Ambakuna Hive Tours

Ambakuna Hive Tours

We began our time in Kembata-Tembaro Ethiopia touring as many of our recently trained beekeepers homes as one day allows.


Friday morning was spent in Medula,


where beekeepers proudly demonstrated their established transitional beehives, recently acquired swarms awaiting transferring, and their newly constructed coverings protecting their hives against rain and sun.


Beekeepers took the time to explain how beneficial the hives were in comparison to the old and not only were the bees able to produce more honey but the beekeepers noticed that they were happier in their cleaner home.



We spent time asking questions about bee forage and harvest times, and no beekeeper hesitated in identifying the plethora off nectar and pollen plants surrounding their homes.



                                 The afternoon took us back to Kololo, 


where beekeepers once again, welcomed us into their homes.


They were excited to show us their growing apiary and all the new transitional hives they’ve built since our last workshop only 8 months ago.




Following our February 2014 workshop, beekeepers had already harvested honey twice,


and were very eager for us to sample.




Not only was it a joy to visit the homes of more than 10  new and old beekeepers but there commitment and enthusiasm showed through their generosity, 



and it was all just a taste of the beautiful experiences to come.


Reap what you Sow

Reap what you Sow

“Paciencia es la madre de ciencia”,

It’s is a wonderful Spanish phrase translating to

“Patience is the mother of science”

I was reminded of this phrase this past weekend as we tended to the hives, 35 kilometers southwest of Spain’s capital, Madrid. We envisioned ourselves harvesting what we could from the seasons honey but were excited to see that our plans would have to be delayed. The bees seem to be loving the changing of the season and there non stop pursuit for the life giving nectar shows in the reflective glitter of the heavy combs that line their hive. We as beekeepers do nothing more than give them more space to continue doing what they are already doing.

Happy Hives

Happy Hives

The summer, like most here in Madrid has been hot, temperatures reached the high 90’s on a daily basis, and the majority of the bees had no choice but to stay close to the hive in order to help with the ventilation. In order to do so and keep the temperature of the hive at no more than 90 degrees Fahrenheit or 35 degrees Celsius, they flap their wings at rapidly fast speeds functioning as a natural air conditioning system. Its a constant balancing act, as the population grows and the hives heats up from both the inside and outside the bees most stay in constant communication

As the seasons begin to change, the nights begin to get cooler and the sun gives us all a bit more breathing room, the bees begin to take advantage in their foraging.Their hard work of temperature management of the summer is now being rewarded with the abundance of nectar in the area. And we are happy to see that the region’s fauna offers much to choose from.  The days continue to be in the 80’s it also seams that the bees as well as the us as the beekeepers have plenty of time to make the necessary arrangements to get through winter.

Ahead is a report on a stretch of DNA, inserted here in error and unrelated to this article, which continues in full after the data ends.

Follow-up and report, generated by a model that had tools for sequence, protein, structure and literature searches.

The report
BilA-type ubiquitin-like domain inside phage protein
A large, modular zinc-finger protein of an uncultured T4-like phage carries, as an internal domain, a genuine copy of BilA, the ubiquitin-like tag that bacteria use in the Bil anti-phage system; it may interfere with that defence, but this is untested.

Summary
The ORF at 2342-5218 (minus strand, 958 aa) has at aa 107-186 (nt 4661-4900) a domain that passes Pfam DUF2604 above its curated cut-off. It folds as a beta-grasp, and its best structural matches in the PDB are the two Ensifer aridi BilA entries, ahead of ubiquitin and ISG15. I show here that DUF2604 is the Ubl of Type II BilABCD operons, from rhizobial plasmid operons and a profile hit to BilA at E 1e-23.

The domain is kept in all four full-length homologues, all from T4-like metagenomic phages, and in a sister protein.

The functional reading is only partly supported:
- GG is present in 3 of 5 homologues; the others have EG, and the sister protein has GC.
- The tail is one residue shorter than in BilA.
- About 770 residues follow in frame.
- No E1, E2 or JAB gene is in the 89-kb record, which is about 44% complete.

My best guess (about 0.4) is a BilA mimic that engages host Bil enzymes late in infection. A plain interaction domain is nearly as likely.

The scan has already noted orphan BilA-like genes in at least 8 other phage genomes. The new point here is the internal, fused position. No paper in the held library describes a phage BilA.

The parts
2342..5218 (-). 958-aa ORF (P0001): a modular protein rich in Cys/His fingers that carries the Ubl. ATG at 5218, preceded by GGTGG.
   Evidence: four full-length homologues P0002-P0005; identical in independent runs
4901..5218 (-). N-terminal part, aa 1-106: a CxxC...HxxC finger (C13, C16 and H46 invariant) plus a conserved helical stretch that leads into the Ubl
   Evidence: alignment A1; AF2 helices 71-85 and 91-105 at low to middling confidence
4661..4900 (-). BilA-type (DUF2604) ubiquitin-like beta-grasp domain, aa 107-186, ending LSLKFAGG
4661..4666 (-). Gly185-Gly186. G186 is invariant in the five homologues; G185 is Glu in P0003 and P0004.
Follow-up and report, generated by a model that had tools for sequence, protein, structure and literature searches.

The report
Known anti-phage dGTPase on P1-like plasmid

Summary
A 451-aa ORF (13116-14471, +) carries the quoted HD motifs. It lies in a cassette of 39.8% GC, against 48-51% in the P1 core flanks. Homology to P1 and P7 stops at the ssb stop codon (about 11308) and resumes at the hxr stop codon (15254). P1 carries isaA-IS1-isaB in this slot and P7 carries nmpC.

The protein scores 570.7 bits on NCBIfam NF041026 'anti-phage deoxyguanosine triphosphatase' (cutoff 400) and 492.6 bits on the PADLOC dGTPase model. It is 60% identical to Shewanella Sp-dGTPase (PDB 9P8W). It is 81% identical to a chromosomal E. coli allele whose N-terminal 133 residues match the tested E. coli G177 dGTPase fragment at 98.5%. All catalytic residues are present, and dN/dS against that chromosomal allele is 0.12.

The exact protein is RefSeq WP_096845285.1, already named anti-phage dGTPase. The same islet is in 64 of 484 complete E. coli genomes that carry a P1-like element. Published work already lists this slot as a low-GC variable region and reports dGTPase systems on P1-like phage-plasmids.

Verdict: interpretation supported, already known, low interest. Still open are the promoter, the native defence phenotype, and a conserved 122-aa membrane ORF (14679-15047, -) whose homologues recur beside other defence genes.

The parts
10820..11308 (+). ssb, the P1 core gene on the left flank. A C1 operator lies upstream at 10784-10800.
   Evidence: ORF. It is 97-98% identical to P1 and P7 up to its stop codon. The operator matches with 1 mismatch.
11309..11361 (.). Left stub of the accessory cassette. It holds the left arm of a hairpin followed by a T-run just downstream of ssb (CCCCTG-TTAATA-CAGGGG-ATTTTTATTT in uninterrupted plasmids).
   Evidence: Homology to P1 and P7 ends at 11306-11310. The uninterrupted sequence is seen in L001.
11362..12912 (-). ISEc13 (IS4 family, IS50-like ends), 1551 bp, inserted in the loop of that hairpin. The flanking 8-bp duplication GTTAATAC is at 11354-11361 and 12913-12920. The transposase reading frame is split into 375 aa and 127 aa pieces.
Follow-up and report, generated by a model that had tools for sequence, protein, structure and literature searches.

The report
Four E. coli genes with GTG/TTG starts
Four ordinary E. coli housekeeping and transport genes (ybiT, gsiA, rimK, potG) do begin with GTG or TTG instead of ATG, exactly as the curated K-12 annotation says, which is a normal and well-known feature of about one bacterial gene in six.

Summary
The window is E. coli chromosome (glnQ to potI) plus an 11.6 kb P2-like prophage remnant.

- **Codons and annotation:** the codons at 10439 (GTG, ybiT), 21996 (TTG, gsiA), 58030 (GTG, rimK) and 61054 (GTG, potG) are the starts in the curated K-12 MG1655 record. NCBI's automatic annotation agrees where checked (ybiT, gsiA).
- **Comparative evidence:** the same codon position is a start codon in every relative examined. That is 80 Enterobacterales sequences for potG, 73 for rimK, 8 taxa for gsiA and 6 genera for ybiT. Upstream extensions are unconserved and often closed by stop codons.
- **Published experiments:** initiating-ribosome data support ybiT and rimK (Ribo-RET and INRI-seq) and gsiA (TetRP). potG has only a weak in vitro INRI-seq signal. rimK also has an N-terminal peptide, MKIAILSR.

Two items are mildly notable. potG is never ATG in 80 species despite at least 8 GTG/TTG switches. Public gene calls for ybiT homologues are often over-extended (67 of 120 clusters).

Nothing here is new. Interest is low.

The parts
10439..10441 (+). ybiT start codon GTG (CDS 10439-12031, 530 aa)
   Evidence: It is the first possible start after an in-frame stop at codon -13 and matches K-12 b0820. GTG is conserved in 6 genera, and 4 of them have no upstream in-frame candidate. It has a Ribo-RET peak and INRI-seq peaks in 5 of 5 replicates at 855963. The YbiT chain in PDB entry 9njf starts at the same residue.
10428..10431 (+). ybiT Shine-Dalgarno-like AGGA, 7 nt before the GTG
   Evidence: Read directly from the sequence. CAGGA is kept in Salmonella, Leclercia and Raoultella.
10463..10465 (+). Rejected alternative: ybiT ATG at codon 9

Ventilation takes place in the hive as well as in front of the entrance in order to pull the hot air out.

Ventilation takes place in the hive as well as in front of the entrance in order to pull the hot air out.

What I enjoy most about this relationship with nature is the opportunity I am offered to reflect upon the events in my own life. Hard work and determination do pay off, and with patience and intention I will reach my goals. As the beehives demonstrate its not always at the time you may have imagined, but that doesn’t mean that the fruits wont come.


Recently stretched wax cells prepped for nectar storage

 My hopes of the getting back to Ethiopia this September to continue the partnership with my brothers work through Ethiopia Reads and community beekeepers is know pushed back to the coming spring.

My return back to Madrid has brought some unimagined changes, and as I begin to fall into a but of a routine, with a new Montessori English teaching job, a new apartment and an invigorating daily commute by bicycle through this swarming city, I find myself enjoying this new structure to build off of.


Propolis harvest underway

I am hoping to rework the programing designed last spring to make a larger impact within a shorter period of time by expanding upon the family education aspect,  find new partnerships through new organizations and individuals, as well as continue the collaboration with the Holetta Bee Research Center in Ethiopia.

 So what all comes down to now, for both the bees and everyone else, is a bit of consistency. Day to day, and then week by week we’ll make the necessary preparations to successfully pass through fall into winter. And with the passing of the months, and a season of rest and hibernation we will return in the spring with even more health and vigor than the year before.